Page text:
Making a multiyear commitment will allow us to make sure that the changes are phased in as the economy recovers.  And making a multiyear plan will help give businesses and individuals adequate time to adjust and prepare for the impact of those changes on the economy. 

The President’s proposals represent an important starting point for discussion.  And we recognize that there are many valuable ideas on both sides of the aisle.  And we know, as you know, that we need both parties and both houses of Congress to come together to enact solutions that work best for the country. 

In December, we were able to come together to find bipartisan consensus on a very strong package of tax incentives to help sustain recovery and restore confidence.  We want to bring that same commitment to the challenge of restoring fiscal responsibility. 

Thank you.  I would be happy to take any of your questions.

[The statement of Secretary Geithner follows:]

Chairman Camp.  Well, thank you very much, Mr. Secretary. 

I think we can agree, the economy is not adding jobs at the rate it needs to.  And I think that is particularly why I am disappointed. You sense disappointment on our side, that the President’s budget brings up some of the same tax hikes on American small business that Congress, even when both chambers were controlled by Democrats, already rejected. 

About 75 percent of small businesses are structured as passthroughs –- partnerships, or S corps, or sole proprietorships — and they are responsible for about two‑thirds of all new jobs created.  Yet, these are the businesses the President would subject to massive tax hikes by raising the top marginal rates. 

Given that unemployment has been stuck at or above 9 percent for 21 consecutive months, do you really believe that we should be raising taxes on small businesses?  And will you commit that any tax reform that we might move forward on would address the concerns of these employers?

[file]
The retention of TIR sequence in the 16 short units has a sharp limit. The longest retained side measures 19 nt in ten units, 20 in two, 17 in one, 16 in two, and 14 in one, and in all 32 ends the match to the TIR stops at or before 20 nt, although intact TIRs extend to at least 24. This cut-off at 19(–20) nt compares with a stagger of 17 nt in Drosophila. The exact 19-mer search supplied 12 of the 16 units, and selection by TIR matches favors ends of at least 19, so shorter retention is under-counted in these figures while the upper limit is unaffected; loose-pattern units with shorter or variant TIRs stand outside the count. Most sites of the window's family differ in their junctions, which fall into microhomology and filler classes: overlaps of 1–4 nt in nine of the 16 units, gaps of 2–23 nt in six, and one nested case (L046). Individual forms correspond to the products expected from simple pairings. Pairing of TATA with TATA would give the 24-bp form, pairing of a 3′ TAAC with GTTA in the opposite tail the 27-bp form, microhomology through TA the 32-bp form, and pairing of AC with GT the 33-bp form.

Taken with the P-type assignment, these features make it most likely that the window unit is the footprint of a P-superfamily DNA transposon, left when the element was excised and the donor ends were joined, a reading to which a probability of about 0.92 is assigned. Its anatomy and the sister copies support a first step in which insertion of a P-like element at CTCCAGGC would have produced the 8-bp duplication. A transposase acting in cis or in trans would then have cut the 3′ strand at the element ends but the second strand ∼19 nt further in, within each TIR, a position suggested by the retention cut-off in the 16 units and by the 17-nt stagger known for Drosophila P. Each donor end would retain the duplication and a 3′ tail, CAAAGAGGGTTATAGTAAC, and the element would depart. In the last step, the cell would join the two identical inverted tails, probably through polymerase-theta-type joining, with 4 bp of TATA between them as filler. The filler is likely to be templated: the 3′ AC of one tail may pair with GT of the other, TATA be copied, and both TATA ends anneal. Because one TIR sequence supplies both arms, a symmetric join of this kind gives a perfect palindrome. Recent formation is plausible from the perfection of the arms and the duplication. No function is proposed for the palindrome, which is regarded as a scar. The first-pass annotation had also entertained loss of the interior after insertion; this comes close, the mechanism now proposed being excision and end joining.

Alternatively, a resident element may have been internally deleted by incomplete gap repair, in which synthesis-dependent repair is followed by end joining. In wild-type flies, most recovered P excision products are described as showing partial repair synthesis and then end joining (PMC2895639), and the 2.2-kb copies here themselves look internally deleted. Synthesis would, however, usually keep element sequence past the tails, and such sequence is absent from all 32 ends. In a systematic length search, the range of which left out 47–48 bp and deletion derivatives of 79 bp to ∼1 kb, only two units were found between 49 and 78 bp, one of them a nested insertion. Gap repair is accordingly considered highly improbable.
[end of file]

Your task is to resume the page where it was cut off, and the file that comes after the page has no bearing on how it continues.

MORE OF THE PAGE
Secretary Geithner.  Mr. Chairman, a very important question.  And you are right, I think, to emphasize that our overwhelming priority now for the country should be to make sure we are reinforcing this expansion, get more people back to work.  Because we are still living with the scars of the damage caused by the crisis.  You can see it in high unemployment rates, in millions of people still at risk of losing homes, the pressure on small banks, small businesses across the country.  So that objective of strengthening growth should still be our overwhelming focus and priority. 

Now, we propose in the budget a series of very well‑designed, targeted tax incentives for small businesses.  Because, as you said, they are so important to job growth and to innovation.  So, for example, as I said in my opening statement, we are proposing to eliminate capital gains taxes on investment in small businesses, to make permanent pretty generous expensing for investment by small businesses in capital equipment. 

Now, you are right that we are proposing again to allow to expire on the schedule agreed to by Congress last December these taxes that affect the top 2 percent of individuals and small businesses in the country.  They only affect 2 to 3 percent of businesses.  And the vast bulk of those small businesses you referred to are structured as partnerships.  And we are talking here about our law firms, investment firms, businesses who choose to structure themselves as partnerships, not as corporations. 

And the vast bulk of those small businesses you are referring to earn very, very substantial amounts of revenue each year.  And, again, even in that case, we are proposing to restore those tax rates to the level that prevailed in the 1990s, where we had the best record of investment, productivity growth, innovation, job growth than the country has seen in generations. 

We think that is a responsible recommendation.  We recognize it is not popular on your side of the aisle.  But I want to underscore what you said, I think, is that our challenge is it to figure out a way to restore sustainability and strengthen economic growth.  We have to balance those two objectives.  And we are not going to be growing in the future unless we make some tough choices to restore fiscal responsibility.  And those are the types of tax changes, tax reforms we think are consistent with our obligations to strengthen growth.